A report from the Centers for Disease Control and Prevention indicates a big increase in the percentage of teenage suicides from 2003 to 2004. For all young people between the ages of 10 and 24, the suicide rate rose 8 percent. This is the biggest single year increase in fifteen years. The largest increase was in the suicide rate for girls aged 10-14, where it went up 78 percent in one year, from 56 suicides in 2003 to 94 suicides in 2004. Suicide rates for girls 15-19 increased 32 percent, and for boys in that age bracket, the rate went up 9 percent. Another dramatic development is in the method that older children and adolescents are now using to kill themselves; the use of firearms has declined, while the use of hanging or suffocation has increased substantially, now accounting for 71 percent of all the suicides in girls aged 10-14.
Experts are puzzled by the rise in the number of teen suicides. Some have suggested that the increase may be related to a decline in the use of antidepressants with teenagers ever since public attention was focused on the suicide risk that antidepressants might hold for depressed adolescents just beginning antidepressant (SSRI) drug theapy. Others point to the increasingly turbulent lives of teenagers in the 21st century. Richard Lieberman, the coordinator of the suicide prevention program in the L.A. Public School System noted in an Associated Press release: “There’s a lot of pressure in and around middle school kids. They’re kind of all transition kids. They’re turbulent times to begin with . . . The hotline’s been ringing off the hook with middle school kids experimenting with a wide variety of self-injurious behavior, exploring different ways to hurt themselves.”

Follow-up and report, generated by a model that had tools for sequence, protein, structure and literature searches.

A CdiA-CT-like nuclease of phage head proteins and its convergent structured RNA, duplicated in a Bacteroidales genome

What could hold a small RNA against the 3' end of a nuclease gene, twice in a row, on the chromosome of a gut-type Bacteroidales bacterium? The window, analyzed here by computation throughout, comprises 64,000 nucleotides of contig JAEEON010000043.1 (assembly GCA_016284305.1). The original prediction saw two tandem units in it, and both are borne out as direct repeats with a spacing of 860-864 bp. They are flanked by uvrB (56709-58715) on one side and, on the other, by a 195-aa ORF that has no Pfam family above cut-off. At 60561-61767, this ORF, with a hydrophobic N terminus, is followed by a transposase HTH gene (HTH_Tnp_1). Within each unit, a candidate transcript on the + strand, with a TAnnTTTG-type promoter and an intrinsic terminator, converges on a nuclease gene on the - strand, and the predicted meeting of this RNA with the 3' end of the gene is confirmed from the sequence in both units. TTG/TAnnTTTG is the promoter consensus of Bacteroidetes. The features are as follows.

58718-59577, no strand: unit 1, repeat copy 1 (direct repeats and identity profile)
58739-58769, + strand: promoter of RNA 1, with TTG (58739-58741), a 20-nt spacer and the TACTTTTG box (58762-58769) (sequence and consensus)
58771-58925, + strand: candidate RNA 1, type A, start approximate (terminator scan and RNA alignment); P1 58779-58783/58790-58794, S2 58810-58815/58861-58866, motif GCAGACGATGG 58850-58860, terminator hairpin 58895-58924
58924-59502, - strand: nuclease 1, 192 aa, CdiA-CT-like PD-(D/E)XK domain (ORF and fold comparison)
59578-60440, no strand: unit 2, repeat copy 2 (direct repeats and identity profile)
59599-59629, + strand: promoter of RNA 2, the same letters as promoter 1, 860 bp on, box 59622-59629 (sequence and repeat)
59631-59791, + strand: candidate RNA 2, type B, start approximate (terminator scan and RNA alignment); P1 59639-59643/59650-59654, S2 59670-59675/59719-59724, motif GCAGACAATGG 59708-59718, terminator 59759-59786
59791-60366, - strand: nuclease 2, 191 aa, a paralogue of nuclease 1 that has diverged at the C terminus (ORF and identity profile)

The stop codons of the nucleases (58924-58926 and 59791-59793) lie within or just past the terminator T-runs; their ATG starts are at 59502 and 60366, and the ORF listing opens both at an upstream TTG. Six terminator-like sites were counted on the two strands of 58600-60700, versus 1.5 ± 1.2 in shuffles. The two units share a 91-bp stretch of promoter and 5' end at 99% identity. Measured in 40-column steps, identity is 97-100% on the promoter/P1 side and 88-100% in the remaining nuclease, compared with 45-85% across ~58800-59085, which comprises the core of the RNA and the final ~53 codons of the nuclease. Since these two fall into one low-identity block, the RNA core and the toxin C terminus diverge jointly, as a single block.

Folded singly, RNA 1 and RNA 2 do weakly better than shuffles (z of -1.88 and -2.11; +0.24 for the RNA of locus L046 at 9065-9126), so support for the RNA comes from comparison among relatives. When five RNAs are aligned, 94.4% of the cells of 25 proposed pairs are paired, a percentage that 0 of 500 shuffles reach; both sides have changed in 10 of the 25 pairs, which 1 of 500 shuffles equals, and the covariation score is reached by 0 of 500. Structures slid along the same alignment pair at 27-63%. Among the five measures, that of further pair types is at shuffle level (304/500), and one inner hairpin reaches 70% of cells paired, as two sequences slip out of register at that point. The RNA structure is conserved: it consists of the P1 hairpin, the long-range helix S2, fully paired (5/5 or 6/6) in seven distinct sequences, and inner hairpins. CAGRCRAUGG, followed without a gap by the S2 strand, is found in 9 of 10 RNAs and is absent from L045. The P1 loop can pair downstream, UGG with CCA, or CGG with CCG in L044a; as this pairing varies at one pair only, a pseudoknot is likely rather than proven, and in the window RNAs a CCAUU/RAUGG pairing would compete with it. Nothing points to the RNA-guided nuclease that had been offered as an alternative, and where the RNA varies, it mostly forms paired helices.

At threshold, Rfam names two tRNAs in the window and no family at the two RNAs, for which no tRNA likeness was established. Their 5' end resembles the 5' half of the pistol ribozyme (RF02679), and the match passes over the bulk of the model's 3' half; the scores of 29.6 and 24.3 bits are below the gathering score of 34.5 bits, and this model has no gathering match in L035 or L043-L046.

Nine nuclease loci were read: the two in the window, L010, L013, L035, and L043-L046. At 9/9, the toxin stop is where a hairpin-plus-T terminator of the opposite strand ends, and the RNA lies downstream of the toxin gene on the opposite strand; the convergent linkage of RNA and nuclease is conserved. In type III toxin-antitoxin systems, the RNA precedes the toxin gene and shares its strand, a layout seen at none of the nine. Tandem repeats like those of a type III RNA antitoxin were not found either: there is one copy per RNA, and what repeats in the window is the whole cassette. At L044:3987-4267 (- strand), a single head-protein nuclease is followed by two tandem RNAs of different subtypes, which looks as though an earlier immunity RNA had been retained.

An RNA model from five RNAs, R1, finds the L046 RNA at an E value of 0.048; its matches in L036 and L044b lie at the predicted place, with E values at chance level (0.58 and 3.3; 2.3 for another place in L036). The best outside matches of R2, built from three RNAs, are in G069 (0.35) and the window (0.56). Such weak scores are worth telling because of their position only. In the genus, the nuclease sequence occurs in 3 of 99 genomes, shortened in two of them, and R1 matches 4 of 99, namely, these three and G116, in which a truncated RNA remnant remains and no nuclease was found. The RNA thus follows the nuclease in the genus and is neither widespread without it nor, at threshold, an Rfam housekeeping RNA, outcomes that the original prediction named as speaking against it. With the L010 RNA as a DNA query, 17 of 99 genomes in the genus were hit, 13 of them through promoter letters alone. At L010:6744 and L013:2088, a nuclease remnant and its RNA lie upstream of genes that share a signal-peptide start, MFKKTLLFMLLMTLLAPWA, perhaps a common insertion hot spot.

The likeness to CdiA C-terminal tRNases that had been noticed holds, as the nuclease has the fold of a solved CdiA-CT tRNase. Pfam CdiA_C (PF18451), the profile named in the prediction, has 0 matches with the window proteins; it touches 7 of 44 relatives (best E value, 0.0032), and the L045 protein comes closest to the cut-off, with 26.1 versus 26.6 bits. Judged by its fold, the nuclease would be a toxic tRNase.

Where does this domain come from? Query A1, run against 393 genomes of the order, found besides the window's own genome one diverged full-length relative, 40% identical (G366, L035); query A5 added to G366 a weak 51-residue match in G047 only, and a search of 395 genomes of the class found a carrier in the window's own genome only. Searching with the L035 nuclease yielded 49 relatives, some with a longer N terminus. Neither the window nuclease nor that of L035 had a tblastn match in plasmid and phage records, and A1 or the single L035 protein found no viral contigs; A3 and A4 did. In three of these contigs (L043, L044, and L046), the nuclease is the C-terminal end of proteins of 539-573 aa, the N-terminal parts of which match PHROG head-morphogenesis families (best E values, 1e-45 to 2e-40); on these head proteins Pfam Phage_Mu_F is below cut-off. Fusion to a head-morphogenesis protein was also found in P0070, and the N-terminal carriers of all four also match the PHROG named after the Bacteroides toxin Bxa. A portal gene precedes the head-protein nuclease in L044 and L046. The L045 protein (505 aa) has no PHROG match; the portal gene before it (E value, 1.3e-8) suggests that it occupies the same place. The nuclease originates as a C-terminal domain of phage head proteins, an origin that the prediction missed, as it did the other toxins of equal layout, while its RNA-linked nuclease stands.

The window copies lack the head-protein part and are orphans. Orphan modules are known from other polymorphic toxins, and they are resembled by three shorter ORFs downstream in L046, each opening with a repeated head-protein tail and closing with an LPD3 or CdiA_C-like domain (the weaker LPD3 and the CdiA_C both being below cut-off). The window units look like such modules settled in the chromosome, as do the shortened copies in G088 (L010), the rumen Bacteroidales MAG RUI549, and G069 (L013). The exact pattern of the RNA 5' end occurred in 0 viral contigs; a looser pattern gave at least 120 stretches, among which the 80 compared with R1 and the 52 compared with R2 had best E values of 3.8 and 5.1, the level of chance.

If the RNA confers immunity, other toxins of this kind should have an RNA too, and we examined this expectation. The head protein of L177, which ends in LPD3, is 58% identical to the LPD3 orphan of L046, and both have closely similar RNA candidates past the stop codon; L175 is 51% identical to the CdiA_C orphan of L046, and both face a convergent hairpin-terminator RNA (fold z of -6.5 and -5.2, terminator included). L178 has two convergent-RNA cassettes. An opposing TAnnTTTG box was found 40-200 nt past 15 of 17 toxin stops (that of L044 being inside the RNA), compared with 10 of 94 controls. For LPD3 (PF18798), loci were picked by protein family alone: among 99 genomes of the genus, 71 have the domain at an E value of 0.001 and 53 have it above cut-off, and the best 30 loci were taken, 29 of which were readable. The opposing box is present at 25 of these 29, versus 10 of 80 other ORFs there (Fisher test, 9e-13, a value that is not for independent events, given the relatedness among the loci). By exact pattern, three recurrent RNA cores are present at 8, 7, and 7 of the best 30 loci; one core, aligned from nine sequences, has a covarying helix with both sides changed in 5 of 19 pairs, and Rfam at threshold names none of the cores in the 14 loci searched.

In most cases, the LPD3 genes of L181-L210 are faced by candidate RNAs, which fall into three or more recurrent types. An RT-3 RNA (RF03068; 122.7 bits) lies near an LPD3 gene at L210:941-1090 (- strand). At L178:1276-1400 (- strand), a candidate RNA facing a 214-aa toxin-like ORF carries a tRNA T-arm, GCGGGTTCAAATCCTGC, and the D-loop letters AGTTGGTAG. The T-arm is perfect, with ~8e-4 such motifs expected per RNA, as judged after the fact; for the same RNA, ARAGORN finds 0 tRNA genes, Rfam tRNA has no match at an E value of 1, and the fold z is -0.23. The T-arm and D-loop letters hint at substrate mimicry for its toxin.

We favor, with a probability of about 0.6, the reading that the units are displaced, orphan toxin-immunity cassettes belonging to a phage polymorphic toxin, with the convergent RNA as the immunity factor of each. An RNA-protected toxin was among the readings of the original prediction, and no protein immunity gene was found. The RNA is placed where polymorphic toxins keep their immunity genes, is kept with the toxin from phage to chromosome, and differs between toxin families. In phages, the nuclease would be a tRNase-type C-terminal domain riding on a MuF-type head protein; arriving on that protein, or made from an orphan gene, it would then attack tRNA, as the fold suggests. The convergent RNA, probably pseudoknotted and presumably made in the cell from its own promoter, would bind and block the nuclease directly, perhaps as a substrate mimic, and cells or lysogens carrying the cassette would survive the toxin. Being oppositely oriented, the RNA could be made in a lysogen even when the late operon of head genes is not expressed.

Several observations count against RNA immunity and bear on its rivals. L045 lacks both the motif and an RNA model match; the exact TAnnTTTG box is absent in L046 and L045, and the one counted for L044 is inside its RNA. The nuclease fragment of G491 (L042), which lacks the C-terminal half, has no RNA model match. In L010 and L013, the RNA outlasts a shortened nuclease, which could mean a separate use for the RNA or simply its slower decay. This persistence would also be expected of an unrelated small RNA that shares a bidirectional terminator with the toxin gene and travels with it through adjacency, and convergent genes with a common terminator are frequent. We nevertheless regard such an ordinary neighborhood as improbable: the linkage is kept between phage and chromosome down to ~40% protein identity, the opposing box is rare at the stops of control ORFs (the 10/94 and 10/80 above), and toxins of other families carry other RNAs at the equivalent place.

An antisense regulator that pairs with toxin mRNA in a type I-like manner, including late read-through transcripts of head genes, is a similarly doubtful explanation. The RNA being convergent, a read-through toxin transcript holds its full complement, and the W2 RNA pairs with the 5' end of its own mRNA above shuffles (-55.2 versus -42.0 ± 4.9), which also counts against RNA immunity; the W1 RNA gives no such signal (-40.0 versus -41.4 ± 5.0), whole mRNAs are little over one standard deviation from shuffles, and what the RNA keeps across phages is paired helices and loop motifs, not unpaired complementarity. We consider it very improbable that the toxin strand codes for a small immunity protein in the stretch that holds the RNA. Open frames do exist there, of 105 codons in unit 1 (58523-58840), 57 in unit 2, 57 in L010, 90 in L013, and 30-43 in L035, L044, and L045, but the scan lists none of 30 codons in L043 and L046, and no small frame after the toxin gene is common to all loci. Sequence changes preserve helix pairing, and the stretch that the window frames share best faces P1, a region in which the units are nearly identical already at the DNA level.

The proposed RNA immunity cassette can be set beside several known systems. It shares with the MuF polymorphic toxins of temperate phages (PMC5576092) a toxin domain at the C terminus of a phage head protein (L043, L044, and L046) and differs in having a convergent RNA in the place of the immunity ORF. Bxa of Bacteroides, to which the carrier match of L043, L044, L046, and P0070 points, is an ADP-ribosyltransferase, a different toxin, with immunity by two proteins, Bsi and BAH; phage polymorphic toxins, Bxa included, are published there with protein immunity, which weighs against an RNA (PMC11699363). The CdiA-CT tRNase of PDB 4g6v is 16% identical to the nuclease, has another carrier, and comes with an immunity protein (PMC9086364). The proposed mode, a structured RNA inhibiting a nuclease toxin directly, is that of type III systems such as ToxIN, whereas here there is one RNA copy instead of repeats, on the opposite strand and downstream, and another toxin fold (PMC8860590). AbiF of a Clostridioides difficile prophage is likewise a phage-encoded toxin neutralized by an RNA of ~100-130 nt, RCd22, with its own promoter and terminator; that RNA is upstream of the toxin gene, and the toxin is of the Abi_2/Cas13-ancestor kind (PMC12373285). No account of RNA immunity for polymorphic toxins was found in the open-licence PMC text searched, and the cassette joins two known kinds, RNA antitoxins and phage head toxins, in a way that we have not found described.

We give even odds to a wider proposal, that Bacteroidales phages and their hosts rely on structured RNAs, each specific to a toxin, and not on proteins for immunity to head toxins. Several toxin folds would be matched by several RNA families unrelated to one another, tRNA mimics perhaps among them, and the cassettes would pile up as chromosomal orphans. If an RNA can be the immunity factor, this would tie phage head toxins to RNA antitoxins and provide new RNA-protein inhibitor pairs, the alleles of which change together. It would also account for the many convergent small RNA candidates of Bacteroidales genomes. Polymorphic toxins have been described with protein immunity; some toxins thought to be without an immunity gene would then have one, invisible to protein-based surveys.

Risk factors associated with teen suicide or suicide attempts include: a previous suicide attempt, depression, alcohol/drug abuse, a family history of mental disorders, substance abuse, stressful life experiences, and/or access to firearms, poisons, or other methods of committing suicide (including hanging and suffocation).
Warning signs of suicide in a young person may include, a sudden change in personality, relationship problems with peers, chronic boredom or difficulty concentrating, comments or writings about suicide, substance abuse problems, major traumas or life transitions, psychosomatic complaints, change in eating or sleeping patterns, deteriorating performance in school, giving away highly-prized personal possessions, negative self-statements, self-destructive behavior, and/or chronic sadness or anxiety.
If you know an adolescent who is considering suicide, or if you are a young person considering suicide, get help immediately by calling 1-800-SUICIDE or by looking up in your local phone book a suicide hotline or crisis center, or find a trusted friend, relative, or mental health professional that you can talk to about what’s bothering you so that you can get help right away.
For more information (including screening programs, list of warning signs, and treatment options), go to these resources:
For more information about other problems associated with adolescence, see my book: The Human Odyssey: Navigating the Twelve Stages of Life.
This article was brought to you by Thomas Armstrong, Ph.D. and www.institute4learning.com.
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